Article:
Misregulation of DNA damage repair pathways in HPV-positive head and neck squamous cell carcinoma contributes to cellular radiosensitivity
Metrics: PDF 925 views | HTML 1076 views | ?
Catherine M. Nickson1, Parisa Moori1, Rachel J. Carter1, Carlos P. Rubbi1, Jason L. Parsons1
1Cancer Research Centre, Department of Molecular and Clinical Cancer Medicine, University of Liverpool, Liverpool L3 9TA, UK
Jason L. Parsons, email: email@example.com
Keywords: HPV, HNSCC, DNA repair, base excision repair, PARP
Received: September 30, 2016 Accepted: March 08, 2017 Published: March 16, 2017
Patients with human papillomavirus type 16 (HPV)-associated oropharyngeal squamous cell carcinomas (OPSCC) display increased sensitivity to radiotherapy and improved survival rates in comparison to HPV-negative forms of the disease. However the cellular mechanisms responsible for this characteristic difference are unclear. Here, we have investigated the contribution of DNA damage repair pathways to the in vitro radiosensitivity of OPSCC cell lines. We demonstrate that two HPV-positive OPSCC cells are indeed more radiosensitive than two HPV-negative OPSCC cells, which correlates with reduced efficiency for the repair of ionising radiation (IR)-induced DNA double strand breaks (DSB). Interestingly, we show that HPV-positive OPSCC cells consequently have upregulated levels of the proteins XRCC1, DNA polymerase β, PNKP and PARP-1 which are involved in base excision repair (BER) and single strand break (SSB) repair. This translates to an increased capacity and efficiency for the repair of DNA base damage and SSBs in these cells. In addition, we demonstrate that HPV-positive but interestingly more so HPV-negative OPSCC display increased radiosensitivity in combination with the PARP inhibitor olaparib. This suggests that PARP inhibition in combination with radiotherapy may be an effective treatment for both forms of OPSCC, particularly for HPV-negative OPSCC which is relatively radioresistant.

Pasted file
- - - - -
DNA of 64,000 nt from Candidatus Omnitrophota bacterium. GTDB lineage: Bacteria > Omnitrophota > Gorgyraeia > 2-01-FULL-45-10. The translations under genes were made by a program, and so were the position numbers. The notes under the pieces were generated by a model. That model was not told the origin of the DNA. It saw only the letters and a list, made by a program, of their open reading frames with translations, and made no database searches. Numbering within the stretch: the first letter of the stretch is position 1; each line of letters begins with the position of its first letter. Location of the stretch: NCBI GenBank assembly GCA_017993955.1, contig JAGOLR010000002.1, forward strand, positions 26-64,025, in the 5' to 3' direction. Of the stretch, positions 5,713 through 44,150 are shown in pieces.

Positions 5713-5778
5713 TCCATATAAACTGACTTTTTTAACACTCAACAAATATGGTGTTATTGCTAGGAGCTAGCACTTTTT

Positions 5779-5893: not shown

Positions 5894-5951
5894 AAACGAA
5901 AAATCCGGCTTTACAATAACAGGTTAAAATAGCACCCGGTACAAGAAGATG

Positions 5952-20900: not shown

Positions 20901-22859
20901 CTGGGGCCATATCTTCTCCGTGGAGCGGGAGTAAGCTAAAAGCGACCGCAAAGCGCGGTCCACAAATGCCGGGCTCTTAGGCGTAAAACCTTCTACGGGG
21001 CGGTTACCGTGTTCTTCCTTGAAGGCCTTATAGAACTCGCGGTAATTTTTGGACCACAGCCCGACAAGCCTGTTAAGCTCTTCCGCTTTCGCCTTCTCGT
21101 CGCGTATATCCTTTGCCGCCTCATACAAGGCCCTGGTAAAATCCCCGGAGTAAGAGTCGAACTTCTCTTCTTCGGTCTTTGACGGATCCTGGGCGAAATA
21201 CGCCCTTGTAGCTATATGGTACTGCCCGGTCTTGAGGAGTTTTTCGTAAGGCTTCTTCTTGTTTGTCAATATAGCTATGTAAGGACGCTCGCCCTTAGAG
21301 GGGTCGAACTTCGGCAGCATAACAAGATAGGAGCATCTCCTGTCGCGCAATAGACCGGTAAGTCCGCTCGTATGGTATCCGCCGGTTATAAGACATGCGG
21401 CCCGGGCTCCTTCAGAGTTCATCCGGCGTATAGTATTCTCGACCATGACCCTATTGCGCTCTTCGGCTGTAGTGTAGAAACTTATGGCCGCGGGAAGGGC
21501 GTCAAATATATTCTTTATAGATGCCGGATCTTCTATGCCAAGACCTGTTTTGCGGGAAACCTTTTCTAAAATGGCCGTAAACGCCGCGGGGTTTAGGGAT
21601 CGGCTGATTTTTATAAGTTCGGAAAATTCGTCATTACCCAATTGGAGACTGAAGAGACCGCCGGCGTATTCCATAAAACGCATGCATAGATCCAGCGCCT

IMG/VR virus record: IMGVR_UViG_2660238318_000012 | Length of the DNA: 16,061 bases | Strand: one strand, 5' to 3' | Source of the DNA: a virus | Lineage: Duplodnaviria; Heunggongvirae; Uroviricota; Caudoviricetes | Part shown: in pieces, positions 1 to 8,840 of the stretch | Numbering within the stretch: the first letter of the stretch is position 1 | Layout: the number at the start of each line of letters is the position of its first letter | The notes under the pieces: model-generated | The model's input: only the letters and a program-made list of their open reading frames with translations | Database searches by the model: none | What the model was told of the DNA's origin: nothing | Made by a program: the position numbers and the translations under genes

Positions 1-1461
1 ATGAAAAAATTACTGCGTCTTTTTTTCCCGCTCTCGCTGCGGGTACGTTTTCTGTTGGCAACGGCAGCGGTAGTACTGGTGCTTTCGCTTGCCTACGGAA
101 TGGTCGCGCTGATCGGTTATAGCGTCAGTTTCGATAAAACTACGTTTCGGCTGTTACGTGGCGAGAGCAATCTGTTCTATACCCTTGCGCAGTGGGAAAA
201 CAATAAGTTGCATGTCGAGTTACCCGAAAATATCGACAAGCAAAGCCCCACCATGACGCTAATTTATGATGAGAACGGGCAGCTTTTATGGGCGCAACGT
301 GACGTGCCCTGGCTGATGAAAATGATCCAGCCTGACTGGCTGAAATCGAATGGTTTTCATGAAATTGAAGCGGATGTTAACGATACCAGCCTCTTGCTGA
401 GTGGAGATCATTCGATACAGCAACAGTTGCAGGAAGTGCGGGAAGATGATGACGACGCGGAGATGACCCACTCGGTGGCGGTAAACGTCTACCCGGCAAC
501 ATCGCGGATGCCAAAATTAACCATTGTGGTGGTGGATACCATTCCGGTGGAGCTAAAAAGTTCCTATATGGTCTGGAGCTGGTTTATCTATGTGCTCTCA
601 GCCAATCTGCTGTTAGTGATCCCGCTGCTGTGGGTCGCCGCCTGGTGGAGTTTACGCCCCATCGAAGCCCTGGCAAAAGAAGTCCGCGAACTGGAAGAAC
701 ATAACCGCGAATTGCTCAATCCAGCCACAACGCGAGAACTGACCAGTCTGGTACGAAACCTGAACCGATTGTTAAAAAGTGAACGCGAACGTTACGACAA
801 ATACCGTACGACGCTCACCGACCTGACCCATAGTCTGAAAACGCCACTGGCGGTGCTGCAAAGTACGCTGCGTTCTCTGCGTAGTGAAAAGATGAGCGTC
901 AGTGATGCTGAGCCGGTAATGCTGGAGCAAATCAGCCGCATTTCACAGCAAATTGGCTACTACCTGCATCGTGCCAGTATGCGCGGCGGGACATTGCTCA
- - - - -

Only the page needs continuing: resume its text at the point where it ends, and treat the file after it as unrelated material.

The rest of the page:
All site content, except where otherwise noted, is licensed under a Creative Commons Attribution 3.0 License.